Sending Salt to Your Enemy

I have just read Mark Kurlansky’s Salt: A World History, which had long been on my bookshelf unread.. Even though I read it for an introduction for my research on the overuse of salt, that was a very interesting book and gave me a new perspective of the Western history and trading in the old days. I first learned that salary, soldier, and salad originated from the word “salt.” I also read other books on salt in Japanese. In Japan, it’s rare to have rock salt from the earth. Almost all salt has been sea salt from the ocean. Therefore, almost all the roads of salt have lead to the ocean. There is a famous Japanese saying “Sending Salt to Your Enemy,” which means showing humanity even to one’s enemy. When a feudal lord whose territory wasn’t surrounded by any ocean was sealed off by its enemy, then, the other enemy from the other side respectfully shipped the salt to the rival feudal load. The story has long been favored by Japanese and has become Japan’s moral code of conduct. You are the salt of the earth and the sea.

Michelin Guide Tokyo Yokohama Kamakura 2011

Michelin Restaurant Guide released the list of next year’s selection yesterday. The book will be on the shelves this weekend. They added Yokohama and Kamakura, which are on the outskirt of Tokyo, to this year’s edition. As you may know, Yokohama is a flourishing port city and Kamakura was the ancient capital before Tokyo. Tokyo’s neighboring cities, where many savvy gourmands live, have a huge potential as an area for numerous hidden gems. A total of 266 restaurants were awarded in the 2011 edition. Three stars were given to 14 restaurants, all of which are located in Tokyo.

Here’s list of the three star restaurants:

Japanese: Esaki, Ishikawa, Kanda, Koju, Yukimura, Usuki Fugu Yamadaya(Fugu), Hamadaya, Nana-chome Kyoboshi(Tempura)
Sushi: Sukiyabashi Jiro, Sushi Mizutani, Sushi Saito, Araki
French: Joel Robuchon, Quintessence

How Sushi Chefs Think

I watched a TV program on NHK, which was featuring three aspiring young sushi chefs in Tokyo. Shinji Kanesaka of Sushi Kanesaka, Harutaka Takahashi of Harutaka, and Takaaki Sugita of Miyako Sushi talked about their philosophies and techniques on sushi preparation. They were all in their late thirties and had opened their own restaurants after 10 to 15 years of apprenticeship. Kanesaka has already received two stars from Michelin Guide and Takahashi, who had trained at the renowned Sukiyabashi Jiro, owns one star. All three sushi chefs said the rice was very important for sushi rather than how they prepared the pieces of fish. That wasn’t what I had expected. They really cared about their ways on how they cooked the rice, including soaking time and cooking methods. Furthermore, what was interesting to me was how they had practiced their sushi techniques. They used a rolled kitchen rag to practice shaping sushi after work. Sugita said that he used a mirror to see how he made sushi during his days of training. Kanesaka responded to that, saying he currently uses video for his apprentices. I really enjoyed the conversations of the chefs who carry the future of sushi on their shoulders. I learned a lot through it. .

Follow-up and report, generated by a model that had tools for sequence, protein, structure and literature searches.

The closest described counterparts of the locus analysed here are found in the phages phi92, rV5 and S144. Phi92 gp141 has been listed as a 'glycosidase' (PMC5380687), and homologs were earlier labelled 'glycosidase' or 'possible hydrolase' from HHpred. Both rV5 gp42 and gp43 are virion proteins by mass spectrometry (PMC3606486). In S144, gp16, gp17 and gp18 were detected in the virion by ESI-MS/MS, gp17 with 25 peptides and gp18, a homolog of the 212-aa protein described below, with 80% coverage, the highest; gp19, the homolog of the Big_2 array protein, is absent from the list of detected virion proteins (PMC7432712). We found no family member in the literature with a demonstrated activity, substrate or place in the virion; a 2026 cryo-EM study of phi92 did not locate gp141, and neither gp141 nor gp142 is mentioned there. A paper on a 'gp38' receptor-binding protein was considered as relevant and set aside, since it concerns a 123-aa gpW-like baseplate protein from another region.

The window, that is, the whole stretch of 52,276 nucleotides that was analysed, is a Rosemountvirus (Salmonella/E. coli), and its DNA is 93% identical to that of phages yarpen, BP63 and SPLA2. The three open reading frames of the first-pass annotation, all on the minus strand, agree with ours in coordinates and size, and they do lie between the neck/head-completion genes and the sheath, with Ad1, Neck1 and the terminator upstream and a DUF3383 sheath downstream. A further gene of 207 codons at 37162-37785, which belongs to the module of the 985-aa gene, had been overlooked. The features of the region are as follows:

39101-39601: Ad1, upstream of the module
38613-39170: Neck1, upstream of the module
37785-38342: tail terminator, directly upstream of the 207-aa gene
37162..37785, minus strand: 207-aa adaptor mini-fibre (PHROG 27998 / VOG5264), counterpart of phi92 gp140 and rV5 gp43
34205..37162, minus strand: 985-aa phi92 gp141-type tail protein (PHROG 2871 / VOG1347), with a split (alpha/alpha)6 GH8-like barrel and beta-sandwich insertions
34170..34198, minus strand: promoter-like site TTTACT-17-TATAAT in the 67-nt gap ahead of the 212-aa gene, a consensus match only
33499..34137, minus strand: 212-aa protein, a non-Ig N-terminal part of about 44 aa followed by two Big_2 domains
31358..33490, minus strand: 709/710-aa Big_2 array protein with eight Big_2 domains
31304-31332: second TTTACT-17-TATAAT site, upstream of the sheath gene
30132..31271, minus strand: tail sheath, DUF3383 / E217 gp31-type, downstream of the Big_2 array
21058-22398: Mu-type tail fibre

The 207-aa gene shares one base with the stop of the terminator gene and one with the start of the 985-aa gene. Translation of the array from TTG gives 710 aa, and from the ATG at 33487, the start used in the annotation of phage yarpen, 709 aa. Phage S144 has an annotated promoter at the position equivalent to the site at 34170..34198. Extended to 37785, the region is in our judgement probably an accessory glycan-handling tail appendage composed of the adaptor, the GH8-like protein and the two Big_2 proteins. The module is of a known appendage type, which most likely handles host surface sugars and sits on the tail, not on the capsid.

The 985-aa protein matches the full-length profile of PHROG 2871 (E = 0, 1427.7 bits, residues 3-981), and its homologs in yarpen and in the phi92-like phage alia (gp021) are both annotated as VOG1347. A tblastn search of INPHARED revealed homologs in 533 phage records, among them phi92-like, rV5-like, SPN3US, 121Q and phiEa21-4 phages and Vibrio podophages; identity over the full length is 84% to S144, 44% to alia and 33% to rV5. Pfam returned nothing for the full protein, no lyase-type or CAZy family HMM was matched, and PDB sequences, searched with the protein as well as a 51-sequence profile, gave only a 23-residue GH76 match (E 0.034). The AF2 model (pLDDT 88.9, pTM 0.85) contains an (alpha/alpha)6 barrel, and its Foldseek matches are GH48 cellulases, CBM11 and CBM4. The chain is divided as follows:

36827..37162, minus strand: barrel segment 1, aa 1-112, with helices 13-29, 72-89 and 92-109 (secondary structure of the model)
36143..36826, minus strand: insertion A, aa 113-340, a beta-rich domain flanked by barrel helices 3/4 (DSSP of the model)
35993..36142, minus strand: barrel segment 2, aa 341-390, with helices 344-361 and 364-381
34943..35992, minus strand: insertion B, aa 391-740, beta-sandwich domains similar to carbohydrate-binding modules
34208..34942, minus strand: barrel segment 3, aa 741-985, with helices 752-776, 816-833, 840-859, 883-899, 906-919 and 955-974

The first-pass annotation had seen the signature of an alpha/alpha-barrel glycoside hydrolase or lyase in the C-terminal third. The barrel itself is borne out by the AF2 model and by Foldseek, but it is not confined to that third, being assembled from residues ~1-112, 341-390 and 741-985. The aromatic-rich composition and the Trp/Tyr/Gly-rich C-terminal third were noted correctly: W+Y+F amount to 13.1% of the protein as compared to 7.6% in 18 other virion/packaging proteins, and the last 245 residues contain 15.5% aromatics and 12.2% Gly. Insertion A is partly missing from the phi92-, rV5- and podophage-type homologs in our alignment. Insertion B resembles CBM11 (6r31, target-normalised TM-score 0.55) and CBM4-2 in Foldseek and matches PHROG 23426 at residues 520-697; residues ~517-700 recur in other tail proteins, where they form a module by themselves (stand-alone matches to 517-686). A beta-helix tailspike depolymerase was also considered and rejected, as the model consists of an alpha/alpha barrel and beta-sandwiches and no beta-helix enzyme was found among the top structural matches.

Tokyo: Oversea Destination City by British

According to guardian.co.uk, Tokyo was awarded as the first favourite oversea city by Guardian Travel Award 2010. Tokyo, described as “home of all things hi-tech, modish and online,” suddenly came in at the top and replaced Sydney this year. Also, Japan was ranked second as a favourite long-haul country after being fifth last year. I was not able to figure out what has happened to the British travelers, as the article said “expect the unexpected.” Travelers are definitely evolving every year and their needs fluctuate, keeping up with the times, tide, economy, and exchange rates. It’s not an easy business…is it?

Michelin Guide Kyoto Osaka Kobe 2011

Michelin released this year’s guide for Kyoto, Osaka, and Kobe last week. They have added Kobe this year to the two cities from the previous year’s guide. 239 restaurants were introduced in the book with 42 hotels and 31 ryokans. A total of 12 restaurants were awarded three stars, which is the largest number of any given from a single Michelin guide so far. And, 44 restaurants received two stars and 183 followed with one star.
What a number of dazzling stars! Let’s hope it’s not too shiny.

Here’s the list of the three-star restaurants:

Japanese
Kikunoi(Kyoto)
Kyoto Kiccho(Kyoto)
Chihana(Kyoto)
Mizai(Kyoto)
Tsuruya(Kyoto)
Nakamura(Kyoto)
Hyoutei(Kyoto)
Kashiwaya(Osaka)
Taian(Osaka)
Komago(Kobe)

French
Hajime(Osaka)
Ca Sento(Kobe)

Brown Rice Sushi

My friend told me that there’s a brown rice sushi restaurant in Boston. I googled “brown rice sushi” and found many of them in the States. I would have never imagined such a thing. I thought this idea might come from macrobiotics or the raw food diet. As you may know, white rice is produced after the surface of the brown rice is removed. However, the surface of the rice contains vitamins and dietary minerals and Japanese who are conscious about their health eat it regularly. It’s quite hard to find restaurants which serve brown rice sushi in Japan at this moment. I want to try it the next time I visit the States.

Draft Beer in the Sky

According to Nikkei Shimbun, All Nippon Airways(ANA) announced that they will be the first air carrier to serve draft beer during flights. ANA developed special kegs with a Japanese electronic appliance company to get over the air pressure issue. Only domestic flights offer the service at the price of 1,000 yen per cup with a snack for the moment and only 20 cups per flight are available. Enjoy the summer!